ABHMS delegation visits Arizona mission partners, reconnects with ministries on Hopi Reservation

VALLEY FORGE, PA (05/01/2024)—At the end of 2023, a delegation from American Baptist Home Mission Societies (ABHMS) consisting of the Rev. Ben Sullivan, ABHMS’ national coordinator for Native American Ministries, the Rev. Dr. Marie Onwubuariri, director of ABHMS’ Intercultural Ministries, and the Rev. Kerwin Webb, ABHMS’ national coordinator for Justice and Mission Engagement, visited multiple Arizona partners, including Hopi churches that ABHMS helped to establish more than a century ago. The goal of the trip, the first to Arizona since 2020, was to reconnect with the ministries and identify opportunities for new partnerships.

First Mesa Baptist Church leaders, Polacca, Ariz., and members of an ABHMS delegation

Leaders of First Mesa Baptist Church leaders, Polacca, Ariz., gather with a three-member ABHMS delegation.

Over eight days beginning November 26, the first Sunday after Thanksgiving, the delegation visited Bethany Baptist Church, Keams Canyon Baptist Church, First Mesa Baptist Church and the Sunlight Community Baptist Church (which has since closed its doors). In addition, delegates spent quality time at Rainbow Acres, a residential Christian community that empowers persons with developmental disabilities, and the Peace Academic Center, formerly the Hopi Mission School.

Bethany Baptist Church greeted Onwubuariri on November 26. Located in Clarkdale, Ariz., on the Yavapai-Apache Reservation, this congregation comprises almost twice as many children as adults, which Onwubuariri found remarkable. She also was impressed by how children were fully incorporated into worship. “As we are thinking of intergenerational ministry,” this is a church we could learn from,” she said.

While at Bethany Baptist Church, Onwubuariri eagerly sought out Monique Prigmore, a church member and active participant in the first Intercultural Leadership Institute sponsored by ABHMS. Onwubuariri said that Prigmore “has enriched various conversations convened by ABHMS with her insights and experiences.”

Bethany Baptist Church is a candidate for the 2024 ABHMS cohort focused on youth ministry.

Founded as the Hopi Mission School in 1951 by the General Conference Mennonite Church as an extension of its mission that began in 1893, the Peace Academic Center is a K-8 Hopi Christian formation school with the capacity to serve 40 students. The center is located near Kykotsmovi, Ariz., on the Hopi Reservation. American Baptist Churches USA is a historic partner of the school, which serves children who would otherwise “get lost in the system,” said a member of the ABHMS delegation.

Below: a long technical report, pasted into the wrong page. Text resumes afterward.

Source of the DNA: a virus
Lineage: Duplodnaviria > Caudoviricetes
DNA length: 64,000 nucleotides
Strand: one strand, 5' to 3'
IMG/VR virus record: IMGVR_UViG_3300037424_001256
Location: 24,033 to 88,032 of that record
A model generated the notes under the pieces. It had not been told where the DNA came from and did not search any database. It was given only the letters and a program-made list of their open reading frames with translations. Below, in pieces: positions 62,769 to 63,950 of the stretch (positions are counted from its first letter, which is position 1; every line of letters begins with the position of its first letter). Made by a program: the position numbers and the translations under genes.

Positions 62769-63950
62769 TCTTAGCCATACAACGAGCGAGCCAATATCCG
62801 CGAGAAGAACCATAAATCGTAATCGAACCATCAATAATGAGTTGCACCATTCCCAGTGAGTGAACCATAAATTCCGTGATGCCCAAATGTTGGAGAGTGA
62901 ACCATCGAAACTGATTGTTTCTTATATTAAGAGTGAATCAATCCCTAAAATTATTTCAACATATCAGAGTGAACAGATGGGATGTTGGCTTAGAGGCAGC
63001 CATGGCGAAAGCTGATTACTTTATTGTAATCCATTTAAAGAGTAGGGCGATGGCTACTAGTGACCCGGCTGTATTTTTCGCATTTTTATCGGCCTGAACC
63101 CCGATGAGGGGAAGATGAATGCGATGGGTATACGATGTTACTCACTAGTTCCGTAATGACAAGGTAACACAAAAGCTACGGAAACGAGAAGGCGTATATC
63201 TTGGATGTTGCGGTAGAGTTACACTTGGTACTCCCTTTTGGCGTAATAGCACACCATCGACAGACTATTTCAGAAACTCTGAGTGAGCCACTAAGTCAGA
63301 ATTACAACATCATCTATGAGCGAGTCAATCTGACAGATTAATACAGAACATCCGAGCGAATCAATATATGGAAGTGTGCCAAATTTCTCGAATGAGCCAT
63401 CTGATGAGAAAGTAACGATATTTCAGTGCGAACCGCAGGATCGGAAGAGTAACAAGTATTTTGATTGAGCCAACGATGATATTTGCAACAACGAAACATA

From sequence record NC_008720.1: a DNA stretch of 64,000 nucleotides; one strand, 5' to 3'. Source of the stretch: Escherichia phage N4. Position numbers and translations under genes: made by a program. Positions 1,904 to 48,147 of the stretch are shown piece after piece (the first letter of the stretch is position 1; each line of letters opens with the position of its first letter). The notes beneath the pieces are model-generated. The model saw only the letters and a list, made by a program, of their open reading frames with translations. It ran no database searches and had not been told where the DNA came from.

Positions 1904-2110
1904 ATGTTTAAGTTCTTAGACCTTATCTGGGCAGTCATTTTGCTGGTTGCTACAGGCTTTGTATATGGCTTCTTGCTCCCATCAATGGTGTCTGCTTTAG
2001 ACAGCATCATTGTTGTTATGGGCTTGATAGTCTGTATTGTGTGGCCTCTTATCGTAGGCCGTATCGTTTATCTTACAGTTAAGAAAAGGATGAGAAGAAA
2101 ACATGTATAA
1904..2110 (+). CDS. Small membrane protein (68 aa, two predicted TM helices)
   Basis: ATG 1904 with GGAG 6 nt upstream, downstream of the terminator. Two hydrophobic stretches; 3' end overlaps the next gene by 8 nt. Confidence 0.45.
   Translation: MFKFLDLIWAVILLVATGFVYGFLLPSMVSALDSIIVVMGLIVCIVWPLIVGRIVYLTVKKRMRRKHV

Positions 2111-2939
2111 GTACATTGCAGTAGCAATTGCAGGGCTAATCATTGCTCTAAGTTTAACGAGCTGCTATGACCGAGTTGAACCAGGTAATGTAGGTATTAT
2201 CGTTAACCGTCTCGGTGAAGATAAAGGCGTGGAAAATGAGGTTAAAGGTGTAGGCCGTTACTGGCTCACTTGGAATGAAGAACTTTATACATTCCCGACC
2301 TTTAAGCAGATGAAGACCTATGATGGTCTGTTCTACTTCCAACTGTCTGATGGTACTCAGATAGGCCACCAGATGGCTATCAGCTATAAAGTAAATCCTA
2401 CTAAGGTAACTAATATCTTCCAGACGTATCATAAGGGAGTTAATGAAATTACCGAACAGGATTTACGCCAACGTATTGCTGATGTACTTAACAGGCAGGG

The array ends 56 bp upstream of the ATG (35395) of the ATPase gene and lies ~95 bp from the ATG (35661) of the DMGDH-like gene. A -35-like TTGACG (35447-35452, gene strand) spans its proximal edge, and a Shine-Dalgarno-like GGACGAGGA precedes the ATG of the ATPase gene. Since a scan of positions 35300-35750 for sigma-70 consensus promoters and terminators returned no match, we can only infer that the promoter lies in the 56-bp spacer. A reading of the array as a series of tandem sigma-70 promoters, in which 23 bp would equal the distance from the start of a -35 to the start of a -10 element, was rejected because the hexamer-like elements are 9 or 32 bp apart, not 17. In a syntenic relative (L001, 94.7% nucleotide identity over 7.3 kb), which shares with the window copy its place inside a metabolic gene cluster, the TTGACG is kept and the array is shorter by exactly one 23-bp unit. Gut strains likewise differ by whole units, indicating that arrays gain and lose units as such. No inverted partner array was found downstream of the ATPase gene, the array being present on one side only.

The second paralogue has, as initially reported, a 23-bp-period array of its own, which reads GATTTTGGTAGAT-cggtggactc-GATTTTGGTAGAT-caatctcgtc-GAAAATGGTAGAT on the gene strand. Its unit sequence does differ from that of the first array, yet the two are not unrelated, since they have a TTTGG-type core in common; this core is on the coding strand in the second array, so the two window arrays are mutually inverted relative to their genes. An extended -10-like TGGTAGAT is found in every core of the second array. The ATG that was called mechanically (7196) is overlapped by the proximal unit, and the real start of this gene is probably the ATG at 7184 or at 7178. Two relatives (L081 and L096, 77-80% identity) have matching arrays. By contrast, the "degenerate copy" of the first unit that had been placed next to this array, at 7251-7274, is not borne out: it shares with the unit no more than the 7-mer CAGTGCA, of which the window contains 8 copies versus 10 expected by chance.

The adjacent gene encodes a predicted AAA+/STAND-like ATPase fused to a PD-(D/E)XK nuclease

First Mesa Baptist Church, Polacca, AZ

First Mesa Baptist Church, Polacca, Ariz.

On December 2 and 3, delegates visited Keams Canyon Baptist Church in Keams Canyon, Ariz., and First Mesa Baptist Church in Polacca, Ariz., respectively. At Keams Canyon, they discovered an aging mostly Hopi congregation eager to reach out to younger families in the community, while First Mesa delivered a multicultural worship experience.

While a majority of the congregation at First Mesa is Hopi, the pastor and youth pastor are missionaries from South Korea. Other church members, teachers at the local Hopi high school, are Filipino. During their December 3 visit, delegation members joined their hosts in worship and conducted a listening session.Lea

Rainbow Acres in Camp Verde, Ariz., is a Christian community that exists to help its adult residents, who are neurodivergent individuals, live to their fullest potential with dignity and purpose. The community, or “ranch,” provides housing, life-enriching programs and holistic care. ABHMS has partnered with Rainbow Acres, which will soon celebrate its 50th anniversary, in various mission initiatives. Members of the delegation saw the ranch programming firsthand, interacted with the ranchers, and explored exciting future partnership opportunities.

Summarizing the Arizona trip, Webb described it as having had two objections. “One was to meet some of our partners that we had funded before, to see what the work looks like on the ground,” he said. The second was “scouting out possible experiential or immersion trips, and opportunities for the [ABHMS]  Summer Passionary Institute.”

Sullivan acknowledges that the Hopi Reservation may seem desolate and sparsely inhabited at first encounter; however, he knows it to be “an amazing place … full of wonders.” Visiting the Hopi people was a gift, and what emerged from the trip, said Sullivan, “was a commitment by ABHMS to step up our communication with them, address the property issues, and return to this land and bring our colleagues with us to work and learn among the Hopi once again.”

“Another takeaway for me,” said Onwubuariri, “is the desire to bring [Hopi voices] to the larger conversation. They told us, ‘We want to share our stories and our experiences.’ It very much aligns with the goals of Intercultural Ministries that our coordinators not only help to equip leaders to do ministry within their context, but to give a platform to them to shape the larger denomination.”

To learn more about Intercultural Ministries at ABHMS, visit abhms.org.